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Concord Records Celebrates 30 Years

Carl Jefferson
Glen Barros

Back in the 1960s, Carl Jefferson owned a thriving Lincoln Mercury car dealership in Concord, Calif.; the eighth largest in the country at the time. But in spite of his great success in business, there was still something missing. His lifelong passion for jazz was not being played out through the selling of cars. So in 1969, Jefferson organized the first Concord Jazz Festival in Northern California. While performing at one of the early festivals, guitarists Herb Ellis and Joe Pass approached Jefferson about funding and producing a record. That initial outing, 1973’s Jazz/Concord, marked the birth of a label. One thousand albums and 13 Grammy Awards later, Concord is a world-class label that has shown remarkable growth and diversity in recent years. And while Jefferson is no longer here to celebrate Concord’s 30th anniversary (he died in 1995), the label is rolling out a six-CD retrospective spanning three decades that showcases its ongoing commitment to guitar, piano, vocal, big band and Latin jazz.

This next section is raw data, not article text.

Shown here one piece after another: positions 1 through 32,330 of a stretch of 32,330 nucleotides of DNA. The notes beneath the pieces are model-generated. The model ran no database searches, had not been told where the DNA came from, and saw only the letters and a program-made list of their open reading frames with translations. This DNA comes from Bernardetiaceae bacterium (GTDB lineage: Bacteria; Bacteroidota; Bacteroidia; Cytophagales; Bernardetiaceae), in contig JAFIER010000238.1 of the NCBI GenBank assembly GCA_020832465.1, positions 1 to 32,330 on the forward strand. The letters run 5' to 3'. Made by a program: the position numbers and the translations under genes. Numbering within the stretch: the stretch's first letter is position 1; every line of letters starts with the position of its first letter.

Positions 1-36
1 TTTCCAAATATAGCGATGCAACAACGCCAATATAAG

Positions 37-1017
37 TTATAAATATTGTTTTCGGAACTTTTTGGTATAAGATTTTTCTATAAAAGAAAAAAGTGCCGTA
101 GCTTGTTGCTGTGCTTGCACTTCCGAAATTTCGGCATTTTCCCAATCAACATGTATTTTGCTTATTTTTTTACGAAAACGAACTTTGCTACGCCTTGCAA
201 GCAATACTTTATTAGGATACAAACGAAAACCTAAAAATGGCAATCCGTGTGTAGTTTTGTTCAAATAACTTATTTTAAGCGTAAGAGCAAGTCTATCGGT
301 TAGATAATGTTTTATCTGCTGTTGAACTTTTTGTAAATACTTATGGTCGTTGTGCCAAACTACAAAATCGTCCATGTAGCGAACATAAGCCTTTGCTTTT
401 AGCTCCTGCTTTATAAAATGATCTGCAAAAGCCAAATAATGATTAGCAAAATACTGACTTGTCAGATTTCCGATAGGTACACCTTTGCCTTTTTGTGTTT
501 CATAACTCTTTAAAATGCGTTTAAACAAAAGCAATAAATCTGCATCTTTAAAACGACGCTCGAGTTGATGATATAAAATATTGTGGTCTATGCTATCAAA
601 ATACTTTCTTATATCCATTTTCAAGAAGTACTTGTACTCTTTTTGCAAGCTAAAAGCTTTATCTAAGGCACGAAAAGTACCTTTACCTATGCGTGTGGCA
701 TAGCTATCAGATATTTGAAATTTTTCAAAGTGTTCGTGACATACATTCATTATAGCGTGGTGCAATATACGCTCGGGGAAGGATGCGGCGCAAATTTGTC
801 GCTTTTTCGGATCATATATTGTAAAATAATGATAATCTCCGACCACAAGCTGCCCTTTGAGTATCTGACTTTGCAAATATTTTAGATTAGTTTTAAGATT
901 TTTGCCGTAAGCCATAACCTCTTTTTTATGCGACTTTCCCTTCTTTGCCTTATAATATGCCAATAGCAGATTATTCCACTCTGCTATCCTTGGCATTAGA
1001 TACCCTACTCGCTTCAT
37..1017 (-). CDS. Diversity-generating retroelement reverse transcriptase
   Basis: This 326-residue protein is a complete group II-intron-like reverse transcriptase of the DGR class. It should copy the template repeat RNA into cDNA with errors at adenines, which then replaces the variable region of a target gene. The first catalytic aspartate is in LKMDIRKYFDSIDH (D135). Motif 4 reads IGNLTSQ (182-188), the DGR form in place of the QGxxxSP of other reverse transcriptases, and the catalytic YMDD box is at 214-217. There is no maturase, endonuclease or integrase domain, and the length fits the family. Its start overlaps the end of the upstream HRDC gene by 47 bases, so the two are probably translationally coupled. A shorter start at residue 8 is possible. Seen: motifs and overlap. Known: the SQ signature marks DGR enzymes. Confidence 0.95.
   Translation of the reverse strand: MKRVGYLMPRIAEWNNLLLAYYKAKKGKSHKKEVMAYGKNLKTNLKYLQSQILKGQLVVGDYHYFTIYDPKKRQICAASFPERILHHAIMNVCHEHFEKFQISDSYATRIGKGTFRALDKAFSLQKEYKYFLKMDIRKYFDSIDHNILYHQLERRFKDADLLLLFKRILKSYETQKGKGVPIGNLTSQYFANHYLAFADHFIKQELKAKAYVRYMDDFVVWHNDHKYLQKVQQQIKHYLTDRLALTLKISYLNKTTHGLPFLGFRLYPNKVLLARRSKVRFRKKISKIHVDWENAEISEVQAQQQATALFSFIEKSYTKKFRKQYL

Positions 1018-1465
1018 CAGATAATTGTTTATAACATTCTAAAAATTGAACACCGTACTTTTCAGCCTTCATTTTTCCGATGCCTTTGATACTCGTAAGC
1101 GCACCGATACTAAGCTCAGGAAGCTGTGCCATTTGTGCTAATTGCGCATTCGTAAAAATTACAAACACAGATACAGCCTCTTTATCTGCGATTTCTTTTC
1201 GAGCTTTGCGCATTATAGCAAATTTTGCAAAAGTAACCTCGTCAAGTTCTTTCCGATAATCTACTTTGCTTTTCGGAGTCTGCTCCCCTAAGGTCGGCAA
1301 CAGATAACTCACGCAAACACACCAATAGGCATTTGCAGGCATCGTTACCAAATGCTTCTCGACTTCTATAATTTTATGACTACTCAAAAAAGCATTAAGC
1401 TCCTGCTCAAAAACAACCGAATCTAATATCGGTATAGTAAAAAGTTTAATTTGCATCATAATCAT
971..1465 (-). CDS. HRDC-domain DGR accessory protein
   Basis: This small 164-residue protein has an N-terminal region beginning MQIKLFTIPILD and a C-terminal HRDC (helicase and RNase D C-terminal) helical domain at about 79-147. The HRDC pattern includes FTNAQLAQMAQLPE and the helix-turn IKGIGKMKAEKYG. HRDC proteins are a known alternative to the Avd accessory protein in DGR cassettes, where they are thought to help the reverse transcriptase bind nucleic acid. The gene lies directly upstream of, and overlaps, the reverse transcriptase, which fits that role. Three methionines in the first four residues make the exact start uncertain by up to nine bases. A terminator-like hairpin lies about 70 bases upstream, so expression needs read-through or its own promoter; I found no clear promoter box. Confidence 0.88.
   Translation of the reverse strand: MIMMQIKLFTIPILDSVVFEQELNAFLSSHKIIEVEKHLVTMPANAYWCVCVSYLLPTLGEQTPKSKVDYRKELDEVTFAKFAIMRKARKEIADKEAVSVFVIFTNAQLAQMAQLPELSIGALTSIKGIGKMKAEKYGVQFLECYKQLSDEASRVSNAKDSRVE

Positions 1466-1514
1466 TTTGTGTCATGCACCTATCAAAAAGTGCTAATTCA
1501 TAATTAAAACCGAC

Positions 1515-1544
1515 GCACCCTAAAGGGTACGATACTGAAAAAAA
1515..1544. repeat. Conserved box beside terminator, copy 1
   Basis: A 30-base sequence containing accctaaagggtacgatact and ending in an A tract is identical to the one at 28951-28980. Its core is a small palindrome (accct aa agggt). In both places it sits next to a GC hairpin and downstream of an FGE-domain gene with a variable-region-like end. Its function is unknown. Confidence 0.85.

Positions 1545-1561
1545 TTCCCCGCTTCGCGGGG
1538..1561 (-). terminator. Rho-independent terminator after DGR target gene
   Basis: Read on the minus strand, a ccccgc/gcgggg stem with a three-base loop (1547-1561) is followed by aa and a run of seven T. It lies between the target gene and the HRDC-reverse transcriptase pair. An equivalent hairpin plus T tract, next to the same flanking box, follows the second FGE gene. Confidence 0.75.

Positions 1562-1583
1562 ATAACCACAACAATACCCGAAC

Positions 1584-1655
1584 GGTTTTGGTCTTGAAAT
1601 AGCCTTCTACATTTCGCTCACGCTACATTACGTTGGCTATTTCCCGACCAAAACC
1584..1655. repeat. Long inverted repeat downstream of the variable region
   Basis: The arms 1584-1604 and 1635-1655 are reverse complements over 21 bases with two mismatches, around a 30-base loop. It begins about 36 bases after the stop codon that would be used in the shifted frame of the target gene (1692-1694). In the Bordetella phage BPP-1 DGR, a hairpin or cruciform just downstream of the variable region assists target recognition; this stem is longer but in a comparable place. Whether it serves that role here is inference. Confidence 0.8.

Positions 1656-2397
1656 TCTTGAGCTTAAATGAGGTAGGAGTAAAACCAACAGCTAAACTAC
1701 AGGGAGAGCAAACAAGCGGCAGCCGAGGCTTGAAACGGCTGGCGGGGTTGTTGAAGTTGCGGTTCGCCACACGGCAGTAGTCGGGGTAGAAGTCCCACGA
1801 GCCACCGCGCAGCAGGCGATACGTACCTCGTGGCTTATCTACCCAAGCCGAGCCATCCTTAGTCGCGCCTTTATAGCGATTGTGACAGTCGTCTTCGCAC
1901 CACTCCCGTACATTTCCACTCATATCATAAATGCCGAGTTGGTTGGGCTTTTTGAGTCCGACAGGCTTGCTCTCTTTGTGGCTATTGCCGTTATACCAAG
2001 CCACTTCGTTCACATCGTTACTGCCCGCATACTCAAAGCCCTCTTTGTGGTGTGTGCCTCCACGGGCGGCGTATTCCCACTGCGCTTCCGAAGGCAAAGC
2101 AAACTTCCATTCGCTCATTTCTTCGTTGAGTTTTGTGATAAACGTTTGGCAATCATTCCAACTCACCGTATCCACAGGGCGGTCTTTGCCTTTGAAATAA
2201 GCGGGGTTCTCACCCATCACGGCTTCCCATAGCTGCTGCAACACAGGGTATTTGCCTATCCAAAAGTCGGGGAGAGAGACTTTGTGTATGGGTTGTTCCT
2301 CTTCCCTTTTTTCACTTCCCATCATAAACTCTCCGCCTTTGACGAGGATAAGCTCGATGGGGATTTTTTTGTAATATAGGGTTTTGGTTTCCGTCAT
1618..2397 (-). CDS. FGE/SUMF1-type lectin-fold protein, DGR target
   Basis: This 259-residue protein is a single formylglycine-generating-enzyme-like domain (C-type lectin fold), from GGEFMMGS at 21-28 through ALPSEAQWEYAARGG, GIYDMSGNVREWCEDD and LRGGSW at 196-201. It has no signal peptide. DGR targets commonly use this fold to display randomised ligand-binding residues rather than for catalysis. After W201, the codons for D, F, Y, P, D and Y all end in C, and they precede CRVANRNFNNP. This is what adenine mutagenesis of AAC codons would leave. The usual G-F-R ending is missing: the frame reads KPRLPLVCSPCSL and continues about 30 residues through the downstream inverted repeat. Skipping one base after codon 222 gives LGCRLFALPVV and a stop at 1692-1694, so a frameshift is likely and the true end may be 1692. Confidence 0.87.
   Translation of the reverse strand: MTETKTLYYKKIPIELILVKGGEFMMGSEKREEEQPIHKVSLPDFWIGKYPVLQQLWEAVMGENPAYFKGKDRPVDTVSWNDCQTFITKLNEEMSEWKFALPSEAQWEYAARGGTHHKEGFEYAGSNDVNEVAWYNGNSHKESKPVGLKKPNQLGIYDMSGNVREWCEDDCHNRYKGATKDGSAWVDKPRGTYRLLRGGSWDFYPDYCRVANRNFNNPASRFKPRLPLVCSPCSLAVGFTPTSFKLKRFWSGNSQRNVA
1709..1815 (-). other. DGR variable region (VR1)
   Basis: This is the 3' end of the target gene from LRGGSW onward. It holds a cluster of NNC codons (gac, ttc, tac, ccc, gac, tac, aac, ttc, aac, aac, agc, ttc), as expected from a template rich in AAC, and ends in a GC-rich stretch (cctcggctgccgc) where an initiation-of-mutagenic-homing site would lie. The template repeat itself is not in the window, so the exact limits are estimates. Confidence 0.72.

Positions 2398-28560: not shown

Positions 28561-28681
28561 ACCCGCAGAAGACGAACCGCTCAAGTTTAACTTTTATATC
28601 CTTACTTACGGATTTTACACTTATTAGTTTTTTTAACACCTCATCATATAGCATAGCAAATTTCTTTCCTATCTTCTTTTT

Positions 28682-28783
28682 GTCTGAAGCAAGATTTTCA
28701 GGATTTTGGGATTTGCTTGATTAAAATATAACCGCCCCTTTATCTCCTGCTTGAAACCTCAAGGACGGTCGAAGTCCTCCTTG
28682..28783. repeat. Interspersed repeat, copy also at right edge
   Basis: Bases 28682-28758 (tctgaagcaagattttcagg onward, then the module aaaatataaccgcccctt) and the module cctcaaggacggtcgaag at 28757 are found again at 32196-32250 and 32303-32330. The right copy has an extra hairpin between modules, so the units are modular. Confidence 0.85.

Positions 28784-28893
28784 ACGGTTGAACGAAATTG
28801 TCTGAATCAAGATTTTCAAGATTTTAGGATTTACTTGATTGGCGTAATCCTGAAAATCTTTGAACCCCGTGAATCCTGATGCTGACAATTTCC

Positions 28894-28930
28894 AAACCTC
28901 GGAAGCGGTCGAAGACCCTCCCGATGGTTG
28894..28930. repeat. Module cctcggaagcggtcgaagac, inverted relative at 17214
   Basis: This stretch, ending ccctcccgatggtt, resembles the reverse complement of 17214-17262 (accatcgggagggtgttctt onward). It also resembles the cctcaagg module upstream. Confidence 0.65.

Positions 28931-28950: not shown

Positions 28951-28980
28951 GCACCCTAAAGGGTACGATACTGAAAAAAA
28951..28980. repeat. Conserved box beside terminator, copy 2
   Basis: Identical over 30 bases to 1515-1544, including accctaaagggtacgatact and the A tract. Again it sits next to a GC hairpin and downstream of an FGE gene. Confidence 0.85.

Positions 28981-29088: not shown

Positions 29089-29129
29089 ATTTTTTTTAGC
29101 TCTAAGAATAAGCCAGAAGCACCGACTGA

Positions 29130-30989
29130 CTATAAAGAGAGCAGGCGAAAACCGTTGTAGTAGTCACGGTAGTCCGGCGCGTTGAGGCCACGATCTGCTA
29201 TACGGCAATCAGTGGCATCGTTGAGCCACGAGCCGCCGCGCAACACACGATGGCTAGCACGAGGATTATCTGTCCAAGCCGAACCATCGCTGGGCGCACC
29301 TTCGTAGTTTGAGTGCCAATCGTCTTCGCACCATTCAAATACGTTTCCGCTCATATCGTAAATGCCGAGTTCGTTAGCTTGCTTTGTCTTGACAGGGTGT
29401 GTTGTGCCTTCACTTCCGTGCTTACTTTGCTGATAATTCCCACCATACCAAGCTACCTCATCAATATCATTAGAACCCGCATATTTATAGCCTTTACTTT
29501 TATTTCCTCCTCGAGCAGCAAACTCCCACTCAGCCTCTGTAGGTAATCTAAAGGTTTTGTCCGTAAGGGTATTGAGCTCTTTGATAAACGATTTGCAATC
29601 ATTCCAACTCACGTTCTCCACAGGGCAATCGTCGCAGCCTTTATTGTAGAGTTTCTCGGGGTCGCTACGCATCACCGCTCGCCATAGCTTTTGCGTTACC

“I can tell you that [Concord producer] Nick Phillips had quite a job trying to boil 30 years down to six CDs,” says Glen Barros, the successor to Jefferson. “We omitted a few things only because they came on late or they really didn’t fit, but I think what Nick came up with really tells the Concord story.”

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